Back in May, an article for Federal Computer Week entitled, “Intelligence Community Wrestles with Web 2.0 Tools for Information Sharing.” by Alan Joch asked an important question that caught my attention: “Do Web 2.0 technologies, such as blogs and wikis, have the potential to improve data sharing for law enforcement intelligence analysis?”
Such technologies do connect diverse groups and potentially large numbers of participants who might not otherwise work together. Blogs and wikis are relatively quick and easy to launch, and require minimal training for participants. They excel at presenting new, quickly unfolding information. This would be an important advancement if it aids information discoverability.
But wikis and blogs alone can’t adequately solve the discoverability dilemma. There are several key concerns worth discussing from my experience as an intelligence commander, my role designing data sharing systems for law enforcement agencies and Fusion Centers. Ultimately, law enforcement agencies still need to rely on data sharing technologies and information search platforms.
Why? First, Web 2.0 tools can’t be counted on for completeness and reliability of constantly changing information. Unfinished intelligence may be published yet lack significant evaluation by analysts, which is an important step to validating and publishing actionable intelligence. Participation would most likely include only a subset of the intelligence community and might diminish over time.
Also, intelligence data sharing activity must comply with regulations about how an agency stores its intelligence reports, who can see them, and how often they must be reviewed. Modern intelligence software has specific workflows, permissions, and automation to ensure law enforcement officers adhere to these regulations. When it comes to compliance, Web 2.0 tools lack these specific refinements and crucial automation. As privacy concerns grow, groups like the ACLU are watching for examples of non-compliance.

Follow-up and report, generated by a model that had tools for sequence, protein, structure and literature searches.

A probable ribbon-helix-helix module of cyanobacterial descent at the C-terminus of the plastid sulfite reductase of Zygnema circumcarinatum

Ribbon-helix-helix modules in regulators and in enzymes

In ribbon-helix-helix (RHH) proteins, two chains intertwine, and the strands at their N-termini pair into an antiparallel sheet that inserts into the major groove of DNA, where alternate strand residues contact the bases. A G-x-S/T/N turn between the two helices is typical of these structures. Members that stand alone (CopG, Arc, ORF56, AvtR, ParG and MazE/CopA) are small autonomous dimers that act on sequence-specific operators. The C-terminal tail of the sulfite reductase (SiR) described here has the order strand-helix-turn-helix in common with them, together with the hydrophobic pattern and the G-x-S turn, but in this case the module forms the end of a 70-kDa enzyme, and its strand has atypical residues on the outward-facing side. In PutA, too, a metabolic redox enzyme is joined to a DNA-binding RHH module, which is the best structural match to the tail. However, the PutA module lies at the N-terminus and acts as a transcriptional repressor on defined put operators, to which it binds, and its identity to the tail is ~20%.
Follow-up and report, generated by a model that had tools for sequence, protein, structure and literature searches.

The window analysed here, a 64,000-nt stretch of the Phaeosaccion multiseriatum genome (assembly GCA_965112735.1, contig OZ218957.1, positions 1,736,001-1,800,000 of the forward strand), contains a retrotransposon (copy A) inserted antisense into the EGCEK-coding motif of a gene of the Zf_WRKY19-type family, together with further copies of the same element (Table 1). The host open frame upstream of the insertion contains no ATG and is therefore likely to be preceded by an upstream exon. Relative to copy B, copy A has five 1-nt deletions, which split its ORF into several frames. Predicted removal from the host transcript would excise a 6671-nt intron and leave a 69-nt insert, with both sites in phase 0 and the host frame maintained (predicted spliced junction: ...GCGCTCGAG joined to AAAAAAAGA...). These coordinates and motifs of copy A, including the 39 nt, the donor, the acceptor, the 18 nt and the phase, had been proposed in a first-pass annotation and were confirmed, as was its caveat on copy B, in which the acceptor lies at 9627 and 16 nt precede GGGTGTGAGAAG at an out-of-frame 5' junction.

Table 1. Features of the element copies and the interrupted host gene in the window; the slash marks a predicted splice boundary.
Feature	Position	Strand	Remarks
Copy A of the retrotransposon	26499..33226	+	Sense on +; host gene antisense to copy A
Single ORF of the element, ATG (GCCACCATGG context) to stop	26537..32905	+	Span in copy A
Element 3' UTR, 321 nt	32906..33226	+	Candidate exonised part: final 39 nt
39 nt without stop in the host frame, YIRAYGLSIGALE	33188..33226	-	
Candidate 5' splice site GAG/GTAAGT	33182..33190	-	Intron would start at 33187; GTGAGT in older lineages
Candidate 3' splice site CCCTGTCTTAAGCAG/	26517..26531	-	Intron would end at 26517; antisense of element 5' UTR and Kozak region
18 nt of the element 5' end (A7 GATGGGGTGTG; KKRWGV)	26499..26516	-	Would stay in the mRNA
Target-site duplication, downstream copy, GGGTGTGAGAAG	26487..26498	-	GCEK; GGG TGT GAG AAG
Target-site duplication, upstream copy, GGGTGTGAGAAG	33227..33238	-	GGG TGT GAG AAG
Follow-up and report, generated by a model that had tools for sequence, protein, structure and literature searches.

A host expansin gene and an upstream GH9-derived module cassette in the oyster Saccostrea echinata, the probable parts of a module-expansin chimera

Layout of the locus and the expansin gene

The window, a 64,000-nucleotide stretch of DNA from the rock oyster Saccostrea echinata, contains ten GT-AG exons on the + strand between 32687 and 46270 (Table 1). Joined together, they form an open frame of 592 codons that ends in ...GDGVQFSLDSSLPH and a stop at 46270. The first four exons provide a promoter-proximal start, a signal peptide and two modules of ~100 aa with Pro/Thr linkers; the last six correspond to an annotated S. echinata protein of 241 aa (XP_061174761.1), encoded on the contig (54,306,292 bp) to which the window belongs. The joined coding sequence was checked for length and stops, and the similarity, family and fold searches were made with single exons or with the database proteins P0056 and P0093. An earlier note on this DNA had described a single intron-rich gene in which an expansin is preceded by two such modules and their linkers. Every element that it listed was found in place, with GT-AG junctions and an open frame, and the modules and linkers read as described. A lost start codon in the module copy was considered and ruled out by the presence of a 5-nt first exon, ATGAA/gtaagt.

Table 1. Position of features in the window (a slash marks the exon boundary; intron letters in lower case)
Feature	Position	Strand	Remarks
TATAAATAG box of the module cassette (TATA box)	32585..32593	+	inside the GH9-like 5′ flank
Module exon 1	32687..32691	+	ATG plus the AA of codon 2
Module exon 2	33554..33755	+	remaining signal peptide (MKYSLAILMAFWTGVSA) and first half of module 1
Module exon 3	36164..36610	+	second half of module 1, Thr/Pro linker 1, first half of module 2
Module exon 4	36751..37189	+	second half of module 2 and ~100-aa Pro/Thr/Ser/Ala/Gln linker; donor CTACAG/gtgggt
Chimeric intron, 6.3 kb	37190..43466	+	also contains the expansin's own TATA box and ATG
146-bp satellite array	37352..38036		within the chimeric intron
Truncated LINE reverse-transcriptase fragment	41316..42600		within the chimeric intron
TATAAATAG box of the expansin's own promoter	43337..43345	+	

Web 2.0 tools seem to work best for connecting people and ideas-not data. And connecting people isn’t necessarily the answer for information sharing in law enforcement. Many believe police need to move beyond the practice of relying on personal relationships to make progress on an investigation.
Lastly, the sheer amount of data that could hold relevant clues is too large for any one person to digest, so while Web 2.0 interactions might help, they don’t leverage the untapped potential of data we don’t even know we have.
As an example, when an analyst is searching for records of a gang member with a particular tattoo, that query needs to be run against data warehouses to find long-forgotten, free-text narratives contained in intelligence and/or incident reports. Discovering relationships takes processing power and capabilities, such as “unstructured free text data search,” to find useful information buried deep in a “comment” field in far-flung law enforcement databases. Searching unstructured free text data requires specialized software, but it solves a major problem of finding leads when you don’t know where to look.
While Web 2.0 may give law enforcement officials useful new ideas and establish social connections that didn’t exist before, a specialized information sharing platform is still law enforcement’s best intelligence tool to assess threats and fight crime.
Captain Stephen G. Serrao (New Jersey State Police, retired) is Director of Product Management, Americas Region, for Memex, Inc. Serrao can be reached at firstname.lastname@example.org.